Well fella’s, Yes, it went for $30,150. Wow. Not surprised. I was looking for one of these 25 years ago. It took me a year and a half looking over various rust buckets but I found a driver in Freeport Illinois for $7500. A lot of money then. Flew out there and drove it back to Los Angeles where it expired in my driveway. It was rodded when I got it but the sheet metal was stock and in great shape. I decided to keep it a rod and update the running gear. I took it down to the frame and rebuilt everything, adding power steering, disc breaks, air , overdrive and 400hp of giddy up. I’ve had it up to 135mph before I got worried about aerodynamics. But Studebaker must have been thinking that because it was pretty stable at that speed. I love this truck and continue to drive it weekly and use it as a truck should be used. I’d like to have a stocker too but I wouldn’t get near as much use out of it and can’t afford to run a museum. I always get notes left on my truck from guys wanting to buy it. I just can’t see ever getting rid of it. That’s what happens to these trucks. Guys get them and hang on. Not even a divorce pried this out of my hands.

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  18. Don

    Restoring one myself. In my case the price was a bit less. I paid a total of $10 for it, but had to provide four wheels to get it out of the guy’s pasture. Nearly done now, with everything done but the paint and upholstery. Frame off restoration, repop bed floor,bed front and tailgate cleaned that part up really nice. Restored original engine by same engine rebuilder who rebuilt my 37 Dictator Doctor’s Coupe 30 years ago. Great instrument work by Bob’s Speedometer in Michigan, perfect chrome work back east, and wiring by Rhode Island Wiring. Got a great working radio (and hard to find speaker grill cover), and also a nice working glove compartment clock. Perfect side mount cover found, and many hours in the shop have it show room perfect. Saw a restored one sell recently in Michigan area for a cool $85,000. Sweet.

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  19. Ronnie

    I have a 37 Coupe Express. Started on it about 4 years ago. Just a rolling shell when I got it.
    It is street rodded with TPI chevy drive train. Plenty of patina.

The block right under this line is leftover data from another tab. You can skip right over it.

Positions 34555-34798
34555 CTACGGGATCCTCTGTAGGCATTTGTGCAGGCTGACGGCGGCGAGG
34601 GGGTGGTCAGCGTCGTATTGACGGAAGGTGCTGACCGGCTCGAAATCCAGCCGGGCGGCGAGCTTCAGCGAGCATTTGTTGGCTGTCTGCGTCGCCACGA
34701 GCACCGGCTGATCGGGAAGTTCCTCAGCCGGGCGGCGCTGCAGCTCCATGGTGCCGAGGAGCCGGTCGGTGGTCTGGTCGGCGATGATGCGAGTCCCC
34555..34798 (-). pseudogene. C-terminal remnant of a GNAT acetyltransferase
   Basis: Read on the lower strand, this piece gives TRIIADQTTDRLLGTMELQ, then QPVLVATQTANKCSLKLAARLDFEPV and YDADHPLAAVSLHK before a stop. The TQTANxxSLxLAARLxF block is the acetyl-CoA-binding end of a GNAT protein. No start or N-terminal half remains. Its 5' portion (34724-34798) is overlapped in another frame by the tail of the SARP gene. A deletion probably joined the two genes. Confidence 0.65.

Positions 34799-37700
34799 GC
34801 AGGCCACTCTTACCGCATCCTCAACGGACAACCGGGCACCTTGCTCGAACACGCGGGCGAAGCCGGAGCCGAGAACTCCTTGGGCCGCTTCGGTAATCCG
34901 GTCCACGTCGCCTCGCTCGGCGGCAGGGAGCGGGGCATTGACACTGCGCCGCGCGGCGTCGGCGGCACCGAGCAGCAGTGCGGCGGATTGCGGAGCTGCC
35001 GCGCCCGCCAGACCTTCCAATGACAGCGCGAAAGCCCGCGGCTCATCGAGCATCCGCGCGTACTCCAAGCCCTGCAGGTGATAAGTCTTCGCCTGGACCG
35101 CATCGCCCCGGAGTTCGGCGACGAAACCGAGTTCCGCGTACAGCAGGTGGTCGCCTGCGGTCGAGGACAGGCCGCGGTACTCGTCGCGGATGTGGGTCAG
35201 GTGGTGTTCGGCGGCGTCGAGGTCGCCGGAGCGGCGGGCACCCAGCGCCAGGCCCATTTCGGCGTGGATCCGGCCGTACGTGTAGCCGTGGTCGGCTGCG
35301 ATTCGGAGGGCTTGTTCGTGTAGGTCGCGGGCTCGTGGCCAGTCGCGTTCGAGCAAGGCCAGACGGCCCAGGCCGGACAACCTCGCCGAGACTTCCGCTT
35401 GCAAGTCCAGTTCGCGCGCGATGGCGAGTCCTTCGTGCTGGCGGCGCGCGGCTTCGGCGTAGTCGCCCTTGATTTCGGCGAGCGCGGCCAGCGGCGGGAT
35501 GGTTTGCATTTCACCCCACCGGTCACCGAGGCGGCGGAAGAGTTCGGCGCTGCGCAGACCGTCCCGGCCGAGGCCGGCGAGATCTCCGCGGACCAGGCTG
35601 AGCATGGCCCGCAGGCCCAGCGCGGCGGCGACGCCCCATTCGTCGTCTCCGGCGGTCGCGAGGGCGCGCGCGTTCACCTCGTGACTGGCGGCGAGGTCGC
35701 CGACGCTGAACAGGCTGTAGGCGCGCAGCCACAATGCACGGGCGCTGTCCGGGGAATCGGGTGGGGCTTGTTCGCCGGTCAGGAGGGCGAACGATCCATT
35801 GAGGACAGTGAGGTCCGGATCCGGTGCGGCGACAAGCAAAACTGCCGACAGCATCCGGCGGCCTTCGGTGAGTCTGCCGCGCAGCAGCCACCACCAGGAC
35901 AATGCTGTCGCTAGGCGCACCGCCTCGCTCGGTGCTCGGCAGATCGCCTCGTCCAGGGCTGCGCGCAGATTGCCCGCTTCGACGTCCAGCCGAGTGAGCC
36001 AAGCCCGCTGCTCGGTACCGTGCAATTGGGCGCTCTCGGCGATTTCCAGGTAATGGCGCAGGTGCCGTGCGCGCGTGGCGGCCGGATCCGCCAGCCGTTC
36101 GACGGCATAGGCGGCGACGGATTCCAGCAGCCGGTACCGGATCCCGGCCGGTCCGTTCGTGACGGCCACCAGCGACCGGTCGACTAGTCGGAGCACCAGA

When I bought it , I wanted to make it perfect but Patina has gotten a lot more popular is a lot cheaper. This way I don’t have to worry about there Grand Kids climbing on it. I figure it is worth about 25K. now.

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  20. Don

    There aren’t many left – some say a hundred, some say a few more but probably not over 200.
    This one sold for $31,000 or so I think. A couple have sold, fully restored, near $100,000, and this appears to be going up as with many collectables.
    Mine as stated before is a full body off restoration, with no stones left unturned. Once done, if I had to sell it I would probably look for $85-$120 or not bother.
    Have a great week. Best, don

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  21. George

    I swear I just saw one of these completely restored within the last 2 years for $32500. Prices seem absolutely crazy to me. Zounds, I am slain!

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  22. Don

    I don’t think so. Unrestored they are running above $20K now with so few left. A beautiful red restoration sold in Michigan about 3 years ago for $85K. I plan to leave mine to interested family when I croak but if I did sell it I would not look at a price under $75K. It is simply too sweet and beautiful. Name another ‘pickup’ with beautiful double walled car like bed sides. Right- it is the only one. ;)

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  23. Joe

    The other pickup would be the 1939 coupe express. Only 1200 said to have been made. Depending on my mood any given day, I flip flop between the 37 and 39 as best looking truck ever. I will never sell my 37 either. It’s like having your favorite dog or a 21 year old version of your wife forever.

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  24. Don

    Agree Joe! Although I personally like the ’37 better, the Old Cars Price Guide has the ’39 higher. Maybe more rare?